About Me: Professional Interests
If you're thinking of applying to physics graduate school, thinking of coming to Stanford, or already at Stanford as an undergrad or grad student, I'd encourage you to contact me if you find my work interesting. I may be taking on one or more grad students next year, and possibly one or more undergrads as well. To help you reach us, there's a page with group members' names and contact info, plus a short description of some of our work.

My group's experiments aim to elucidate how electrons in semiconductors behave when they are confined to small "boxes", restricted to discrete quantized states (instead of being able to move freely) in one, two, or even all three spatial dimensions. This emerging field of enquiry is called mesoscopic physics, exploring as it does length scales between the microscopic size of atoms and the macroscopic scale of conveniently-grasped everyday objects. Over the last two decades, mesoscopic physics has forced us to grapple with new ways of thinking about quantum mechanics, measurement, and dephasing, especially for systems of interacting particles.

What about electrons' behavior is different when they are confined? Electrons confined to a plane exhibit a fascinating range of behavior, from the fractional quantum Hall effect at high magnetic field (explained by Stanford's own Bob Laughlin) to a still-mysterious metal-insulator transition as electron density is reduced. Electrons confined to move in a line form a so-called Luttinger liquid. In contrast to the independent behavior of electrons in a familiar Fermi liquid, these electrons have to travel single-file, so the smallest bump in the potential they feel can bring them all to a screeching halt. Finally, electrons can be confined in all three dimensions in a "quantum dot" or "artificial atom". As in a real atom, a small, integer number (1 to 100) of electrons is confined to a small space. Adding or removing an electron (analogous to ionization of an atom) takes energy, as does exciting electrons to higher quantized states. At 10 to 1000 nanometer size, artificial atoms are far larger than real atoms, so their ionization and excitation energies are correspondingly lower; nonetheless, at low temperature the number of electrons is stable, and they remain in their collective ground state.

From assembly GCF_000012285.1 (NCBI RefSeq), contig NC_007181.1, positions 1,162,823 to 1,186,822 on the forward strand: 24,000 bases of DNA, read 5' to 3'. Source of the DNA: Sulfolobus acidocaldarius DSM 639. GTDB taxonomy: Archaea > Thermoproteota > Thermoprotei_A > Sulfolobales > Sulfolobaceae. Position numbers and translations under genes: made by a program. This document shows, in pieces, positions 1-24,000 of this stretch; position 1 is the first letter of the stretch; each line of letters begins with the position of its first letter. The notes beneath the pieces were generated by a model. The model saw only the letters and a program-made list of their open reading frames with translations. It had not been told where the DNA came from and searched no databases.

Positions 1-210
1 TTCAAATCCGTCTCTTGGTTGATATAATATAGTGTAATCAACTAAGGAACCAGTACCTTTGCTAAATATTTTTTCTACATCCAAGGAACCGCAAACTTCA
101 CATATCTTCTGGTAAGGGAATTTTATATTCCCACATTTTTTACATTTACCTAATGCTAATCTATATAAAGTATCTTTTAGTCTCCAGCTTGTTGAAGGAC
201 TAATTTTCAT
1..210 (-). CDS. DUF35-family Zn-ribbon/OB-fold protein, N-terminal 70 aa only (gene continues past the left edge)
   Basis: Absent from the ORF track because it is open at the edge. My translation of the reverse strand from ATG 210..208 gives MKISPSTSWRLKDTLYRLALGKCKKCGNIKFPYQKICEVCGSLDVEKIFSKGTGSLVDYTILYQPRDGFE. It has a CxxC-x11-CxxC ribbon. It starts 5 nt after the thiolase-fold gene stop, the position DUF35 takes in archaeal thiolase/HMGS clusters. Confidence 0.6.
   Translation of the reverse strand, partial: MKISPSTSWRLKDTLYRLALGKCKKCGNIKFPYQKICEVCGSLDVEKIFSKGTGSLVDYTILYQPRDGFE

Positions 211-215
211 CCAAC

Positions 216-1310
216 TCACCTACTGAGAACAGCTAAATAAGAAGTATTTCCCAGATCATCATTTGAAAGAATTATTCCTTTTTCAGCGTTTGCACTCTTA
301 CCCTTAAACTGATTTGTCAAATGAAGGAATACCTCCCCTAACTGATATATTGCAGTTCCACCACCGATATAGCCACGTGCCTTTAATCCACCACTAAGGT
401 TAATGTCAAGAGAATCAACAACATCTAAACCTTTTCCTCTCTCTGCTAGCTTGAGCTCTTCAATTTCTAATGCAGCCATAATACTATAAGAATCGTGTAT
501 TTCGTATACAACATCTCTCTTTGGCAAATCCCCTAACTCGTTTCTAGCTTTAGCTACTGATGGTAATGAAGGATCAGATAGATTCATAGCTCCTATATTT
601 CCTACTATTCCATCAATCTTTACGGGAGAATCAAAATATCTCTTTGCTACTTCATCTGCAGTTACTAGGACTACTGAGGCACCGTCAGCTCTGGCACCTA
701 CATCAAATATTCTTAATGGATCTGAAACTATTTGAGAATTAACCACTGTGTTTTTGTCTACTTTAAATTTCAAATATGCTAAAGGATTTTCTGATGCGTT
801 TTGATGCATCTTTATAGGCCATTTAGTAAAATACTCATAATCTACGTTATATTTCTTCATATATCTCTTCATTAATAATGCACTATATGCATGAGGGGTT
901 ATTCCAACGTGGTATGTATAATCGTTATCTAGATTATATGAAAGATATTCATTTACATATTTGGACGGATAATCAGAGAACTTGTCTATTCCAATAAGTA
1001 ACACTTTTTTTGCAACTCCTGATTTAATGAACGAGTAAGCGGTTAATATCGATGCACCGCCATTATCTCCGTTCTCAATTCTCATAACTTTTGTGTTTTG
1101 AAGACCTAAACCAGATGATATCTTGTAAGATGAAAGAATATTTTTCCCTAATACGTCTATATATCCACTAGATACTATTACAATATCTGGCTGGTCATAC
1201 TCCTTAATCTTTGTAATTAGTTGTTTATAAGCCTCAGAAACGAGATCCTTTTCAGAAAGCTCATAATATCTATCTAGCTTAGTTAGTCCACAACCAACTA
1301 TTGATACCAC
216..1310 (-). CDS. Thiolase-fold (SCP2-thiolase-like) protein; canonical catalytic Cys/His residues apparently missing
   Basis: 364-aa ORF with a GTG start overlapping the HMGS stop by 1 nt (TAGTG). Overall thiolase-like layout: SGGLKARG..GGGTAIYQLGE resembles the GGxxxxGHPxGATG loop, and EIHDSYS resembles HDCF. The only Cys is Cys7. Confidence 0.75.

See my group website for updated info on research plans.

My first student to graduate, Ron Potok, wrote a dissertation about his observation of the 2-channel Kondo effect in a semiconductor nanostructure. In addition to the exotic strongly-correlated electron physics, he also gives some useful info on electrical filtering to achieve ultra-low electron temperature (12 mK). I need to put all the other theses on-line soon.